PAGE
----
emergency contraception to rape victims. Moreover, the importance of
regulations goes way beyond the actual number of people they affect
directly. They shape both how we think of rights and how we decide what
normal behavior is. As it becomes more accepted for health care workers
to inflict their moral judgments on patients, and customers, the burden
shifts onto women seeking care. Instead of asking "What gives the
pharmacist the right to refuse to fill her prescription?" and "Why
should a birth-control clinic be forced to employ a nurse who won’t
give out the Pill?" the question becomes "Why can’t she go to another
drugstore or come back to the clinic another day"?

As the blogger Amanda Marcotte argues,
antichoicers know they can’t ban contraception, but they can redefine
it as a lifestyle drug, a luxury, rather than a medical necessity that
gets a lot of credit for modern women’s good health and longevity.
Amazingly, Bill O’Reilly is not the only person who thinks health
insurance plans should pay for Viagra but not for the Pill. If you
can’t afford birth control, just don’t have sex, you hussy! The next
Administration may not find it so easy to turn this mindset around, and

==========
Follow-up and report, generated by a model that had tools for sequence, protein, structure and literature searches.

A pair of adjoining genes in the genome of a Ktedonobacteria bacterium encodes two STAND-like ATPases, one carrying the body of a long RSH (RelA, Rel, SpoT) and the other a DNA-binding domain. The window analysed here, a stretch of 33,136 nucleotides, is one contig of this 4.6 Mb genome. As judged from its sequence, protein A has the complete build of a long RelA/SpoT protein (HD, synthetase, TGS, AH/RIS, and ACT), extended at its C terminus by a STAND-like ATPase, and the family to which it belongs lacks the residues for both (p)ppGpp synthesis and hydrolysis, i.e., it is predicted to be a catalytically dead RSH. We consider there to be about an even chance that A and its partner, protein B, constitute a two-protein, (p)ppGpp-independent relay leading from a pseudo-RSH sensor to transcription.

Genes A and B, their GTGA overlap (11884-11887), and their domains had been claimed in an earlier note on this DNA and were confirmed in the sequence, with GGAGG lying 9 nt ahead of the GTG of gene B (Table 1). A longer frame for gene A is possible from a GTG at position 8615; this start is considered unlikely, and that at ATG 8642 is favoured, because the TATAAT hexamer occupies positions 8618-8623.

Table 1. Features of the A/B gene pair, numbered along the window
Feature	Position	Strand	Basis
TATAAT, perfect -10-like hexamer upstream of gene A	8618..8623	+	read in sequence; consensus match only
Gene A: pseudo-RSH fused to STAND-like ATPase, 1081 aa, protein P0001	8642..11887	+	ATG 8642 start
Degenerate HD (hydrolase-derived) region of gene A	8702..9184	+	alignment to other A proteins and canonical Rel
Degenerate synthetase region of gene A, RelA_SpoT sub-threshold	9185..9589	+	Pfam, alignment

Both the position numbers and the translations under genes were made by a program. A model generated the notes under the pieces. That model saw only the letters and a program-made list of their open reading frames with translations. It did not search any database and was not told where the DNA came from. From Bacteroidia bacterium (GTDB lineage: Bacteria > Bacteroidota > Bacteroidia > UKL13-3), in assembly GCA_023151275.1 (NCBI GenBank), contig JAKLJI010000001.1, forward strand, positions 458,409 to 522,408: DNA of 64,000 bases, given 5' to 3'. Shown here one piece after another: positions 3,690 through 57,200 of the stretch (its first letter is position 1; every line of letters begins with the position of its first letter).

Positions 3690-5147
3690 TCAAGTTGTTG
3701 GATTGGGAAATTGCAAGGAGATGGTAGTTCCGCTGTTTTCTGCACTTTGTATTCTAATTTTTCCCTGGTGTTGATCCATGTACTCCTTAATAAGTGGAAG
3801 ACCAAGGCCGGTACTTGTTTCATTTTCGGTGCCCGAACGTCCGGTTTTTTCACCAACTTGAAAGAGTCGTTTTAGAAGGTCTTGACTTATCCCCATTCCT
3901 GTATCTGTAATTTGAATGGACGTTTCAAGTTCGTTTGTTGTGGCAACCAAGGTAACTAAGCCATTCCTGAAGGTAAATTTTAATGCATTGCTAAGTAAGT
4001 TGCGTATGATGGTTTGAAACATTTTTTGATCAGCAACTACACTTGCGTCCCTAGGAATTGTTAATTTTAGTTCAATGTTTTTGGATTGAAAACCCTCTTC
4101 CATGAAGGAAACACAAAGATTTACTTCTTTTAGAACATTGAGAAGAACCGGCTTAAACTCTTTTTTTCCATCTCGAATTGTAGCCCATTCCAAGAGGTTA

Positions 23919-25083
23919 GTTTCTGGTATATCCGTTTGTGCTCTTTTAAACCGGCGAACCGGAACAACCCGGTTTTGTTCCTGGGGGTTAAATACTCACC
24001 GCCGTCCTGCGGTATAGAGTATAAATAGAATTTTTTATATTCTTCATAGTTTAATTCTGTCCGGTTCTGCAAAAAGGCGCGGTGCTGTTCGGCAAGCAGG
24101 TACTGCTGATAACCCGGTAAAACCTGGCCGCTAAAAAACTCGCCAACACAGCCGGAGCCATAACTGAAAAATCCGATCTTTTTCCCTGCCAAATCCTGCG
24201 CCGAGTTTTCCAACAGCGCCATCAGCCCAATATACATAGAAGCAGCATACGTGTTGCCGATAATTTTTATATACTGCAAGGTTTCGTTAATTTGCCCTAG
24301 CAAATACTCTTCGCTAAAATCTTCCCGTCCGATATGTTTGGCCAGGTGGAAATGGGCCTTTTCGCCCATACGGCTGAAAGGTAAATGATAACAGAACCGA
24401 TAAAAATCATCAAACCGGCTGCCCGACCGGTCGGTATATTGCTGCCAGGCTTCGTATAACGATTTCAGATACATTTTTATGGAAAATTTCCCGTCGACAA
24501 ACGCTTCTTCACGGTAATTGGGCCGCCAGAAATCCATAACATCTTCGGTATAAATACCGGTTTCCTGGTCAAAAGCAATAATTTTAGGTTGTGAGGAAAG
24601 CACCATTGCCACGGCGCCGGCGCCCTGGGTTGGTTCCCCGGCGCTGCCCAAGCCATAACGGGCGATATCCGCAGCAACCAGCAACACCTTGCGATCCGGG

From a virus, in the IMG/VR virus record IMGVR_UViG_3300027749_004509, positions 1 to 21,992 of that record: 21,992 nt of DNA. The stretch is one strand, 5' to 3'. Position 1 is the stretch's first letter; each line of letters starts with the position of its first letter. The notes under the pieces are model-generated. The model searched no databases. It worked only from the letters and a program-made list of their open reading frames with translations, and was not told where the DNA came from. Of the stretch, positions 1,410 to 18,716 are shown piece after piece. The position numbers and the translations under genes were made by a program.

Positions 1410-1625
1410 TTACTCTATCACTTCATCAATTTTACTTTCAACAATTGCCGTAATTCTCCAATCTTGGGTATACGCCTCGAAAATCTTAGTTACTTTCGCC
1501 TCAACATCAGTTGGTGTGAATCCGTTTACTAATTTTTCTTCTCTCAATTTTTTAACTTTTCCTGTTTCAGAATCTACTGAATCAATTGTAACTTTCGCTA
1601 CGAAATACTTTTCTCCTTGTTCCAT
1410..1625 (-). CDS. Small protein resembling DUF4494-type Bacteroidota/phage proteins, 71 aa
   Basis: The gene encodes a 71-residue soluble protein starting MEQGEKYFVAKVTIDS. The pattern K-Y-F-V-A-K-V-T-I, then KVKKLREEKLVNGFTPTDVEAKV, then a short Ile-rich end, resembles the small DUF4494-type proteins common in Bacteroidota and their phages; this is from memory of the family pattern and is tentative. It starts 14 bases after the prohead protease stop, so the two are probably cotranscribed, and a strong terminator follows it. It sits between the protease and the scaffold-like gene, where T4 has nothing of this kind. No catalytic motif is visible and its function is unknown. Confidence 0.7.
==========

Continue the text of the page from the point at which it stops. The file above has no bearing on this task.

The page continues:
if McCain wins, I doubt it will even try. McCain himself, as I’ve noted
before, has a longstanding record of votes against abortion and birth
control — 125 out of 130 votes in Congress and Senate. The man has a 0% rating from NARAL. That he is widely regarded as a "moderate" on
reproductive rights is truly incredible.

Another dangerous feature of the proposed rules is that they redefine
contraception as abortion. Standard medical authorities define abortion
as something that takes place after you become pregnant, that is, after
a fertilized egg implants in your womb and sets off a cascade of
physical changes in your body. The HHS draft changes all that. It
defines abortion as "any procedures, including prescription drugs, that
result in the termination of the life of a human being in utero between
conception and natural birth, whether before or after implantation.’"
According to these rules, you can have an "abortion" without even being
pregnant. (The Pill, emergency contraception, and the IUD mostly work by
preventing ovulation and fertilization, but anti-choice advocates argue
that they prevent implantation, and it is not yet possible to say with
100 percent certainty that this never, ever happens.) These are the
knots we get tied up in when religious ideology replaces sound science.

Don’t let the Bush administration take away women’s right to get legal
reproductive health care in a timely and respectful fashion. Support
Hillary Clinton and Patty Murray, who are leading the fight in the
Senate by emailing your senators here.
Better yet, send them a real letter, on paper. As for Congress, so far
only 100 Representatives — fewer than one in four — have signed a
letter protesting the changes. Call or write yours and demand that they
join you in the 21st century.

This article was first published by The Nation

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Reproductive rights are a public health issue. That's a fact.